CORVALLIS, Ore. — At sunrise Saturday morning a historic schoolhouse was on the move, making its way about a mile down Highway 99 to its new home at Owens Farm.
For Gladys Meier, the historic schoolhouse was an important part of her childhood. “I was very young when my parents bought the house and I knew it was a schoolhouse the whole time. But it was already made into a home,” said Meier.
After living in the house more than 65 years ago, Meier moved right next door and spent the last six decades watching the community grow. “It changed a lot, because this was just an empty field you know that, so everything around here is very grown up now,” said Meier.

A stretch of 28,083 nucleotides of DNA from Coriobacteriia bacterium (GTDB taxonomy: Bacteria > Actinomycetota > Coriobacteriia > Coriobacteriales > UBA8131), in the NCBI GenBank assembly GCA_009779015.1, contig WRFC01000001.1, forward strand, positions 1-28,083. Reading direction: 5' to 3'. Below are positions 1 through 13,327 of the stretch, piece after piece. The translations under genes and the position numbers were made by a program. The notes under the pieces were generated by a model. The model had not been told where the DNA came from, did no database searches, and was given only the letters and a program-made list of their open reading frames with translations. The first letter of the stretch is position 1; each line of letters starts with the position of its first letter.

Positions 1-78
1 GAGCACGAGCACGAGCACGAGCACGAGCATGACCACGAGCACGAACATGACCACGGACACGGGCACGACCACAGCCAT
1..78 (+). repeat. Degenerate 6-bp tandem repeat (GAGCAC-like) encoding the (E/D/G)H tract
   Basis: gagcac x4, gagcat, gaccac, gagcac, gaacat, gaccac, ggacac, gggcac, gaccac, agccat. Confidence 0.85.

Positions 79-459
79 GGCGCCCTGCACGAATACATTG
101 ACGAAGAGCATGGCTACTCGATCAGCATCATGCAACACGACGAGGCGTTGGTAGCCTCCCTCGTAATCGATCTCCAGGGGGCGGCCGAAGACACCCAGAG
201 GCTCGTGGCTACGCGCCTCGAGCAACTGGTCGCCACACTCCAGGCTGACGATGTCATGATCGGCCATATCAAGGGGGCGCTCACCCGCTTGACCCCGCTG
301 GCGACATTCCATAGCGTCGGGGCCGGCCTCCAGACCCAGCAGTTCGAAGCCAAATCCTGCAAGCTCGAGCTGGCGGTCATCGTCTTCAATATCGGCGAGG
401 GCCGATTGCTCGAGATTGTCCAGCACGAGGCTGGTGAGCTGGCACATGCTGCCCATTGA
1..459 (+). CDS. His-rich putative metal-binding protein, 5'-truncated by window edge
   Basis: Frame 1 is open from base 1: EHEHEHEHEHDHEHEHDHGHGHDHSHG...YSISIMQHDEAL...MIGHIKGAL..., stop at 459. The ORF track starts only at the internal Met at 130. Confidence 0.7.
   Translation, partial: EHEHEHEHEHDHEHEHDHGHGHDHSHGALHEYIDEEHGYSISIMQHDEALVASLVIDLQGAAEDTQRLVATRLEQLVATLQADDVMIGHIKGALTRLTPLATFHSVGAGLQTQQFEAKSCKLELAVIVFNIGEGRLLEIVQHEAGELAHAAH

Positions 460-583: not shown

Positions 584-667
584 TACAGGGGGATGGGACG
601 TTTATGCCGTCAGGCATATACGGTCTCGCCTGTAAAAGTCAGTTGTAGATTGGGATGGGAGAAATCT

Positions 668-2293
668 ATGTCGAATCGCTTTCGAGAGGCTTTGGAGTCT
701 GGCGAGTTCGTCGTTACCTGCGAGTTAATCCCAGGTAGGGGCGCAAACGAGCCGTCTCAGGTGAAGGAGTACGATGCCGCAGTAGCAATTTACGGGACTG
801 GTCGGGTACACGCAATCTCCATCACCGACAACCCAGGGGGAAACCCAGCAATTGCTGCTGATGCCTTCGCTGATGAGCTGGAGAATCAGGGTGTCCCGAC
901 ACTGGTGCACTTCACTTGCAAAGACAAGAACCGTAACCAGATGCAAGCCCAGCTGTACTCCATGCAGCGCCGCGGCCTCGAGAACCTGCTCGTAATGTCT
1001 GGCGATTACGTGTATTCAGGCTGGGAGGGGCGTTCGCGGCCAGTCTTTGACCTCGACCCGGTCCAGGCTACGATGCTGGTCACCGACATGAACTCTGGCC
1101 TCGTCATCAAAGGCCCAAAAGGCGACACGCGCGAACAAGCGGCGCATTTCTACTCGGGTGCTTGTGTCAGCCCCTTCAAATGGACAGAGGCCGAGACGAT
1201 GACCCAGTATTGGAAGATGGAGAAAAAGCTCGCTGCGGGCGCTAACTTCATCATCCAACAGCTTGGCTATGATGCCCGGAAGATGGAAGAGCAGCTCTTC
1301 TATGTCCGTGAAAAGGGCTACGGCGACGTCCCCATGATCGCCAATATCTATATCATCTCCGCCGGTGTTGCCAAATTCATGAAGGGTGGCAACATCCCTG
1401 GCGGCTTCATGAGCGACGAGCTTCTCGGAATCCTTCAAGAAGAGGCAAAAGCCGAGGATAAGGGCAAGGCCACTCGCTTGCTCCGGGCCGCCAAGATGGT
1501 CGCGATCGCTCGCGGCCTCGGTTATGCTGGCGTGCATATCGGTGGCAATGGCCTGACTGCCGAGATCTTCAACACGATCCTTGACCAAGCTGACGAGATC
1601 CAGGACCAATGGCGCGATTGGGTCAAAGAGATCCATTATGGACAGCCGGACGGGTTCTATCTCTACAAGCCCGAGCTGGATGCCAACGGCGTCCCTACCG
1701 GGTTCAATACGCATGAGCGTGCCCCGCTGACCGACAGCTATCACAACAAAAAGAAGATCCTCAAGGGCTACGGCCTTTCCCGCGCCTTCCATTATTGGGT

Now the next chapter in the community is beginning as the schoolhouse moves down the highway and a developer begins building duplexes in the spot where the schoolhouse once stood.
“It became clear that the new owner needed to be told that you know this is special and could we please try to save it,” said Corvallis resident Julie Hansen.
Hansen along with a group of other area residents rallied behind saving the historic home. “You know right now it looks like kind of a little shabby, but I’ll tell you in my mind I see it. It’ll have the big bell tower back on, it’s now up on a hill you’ll be able to see it from Highway 99. I mean everything that I was envisioning is slowly coming to fruition and it’s really special,” said Hansen.
With a little TLC, the schoolhouse will be transformed into a museum where people can learn about its history and the history of Corvallis.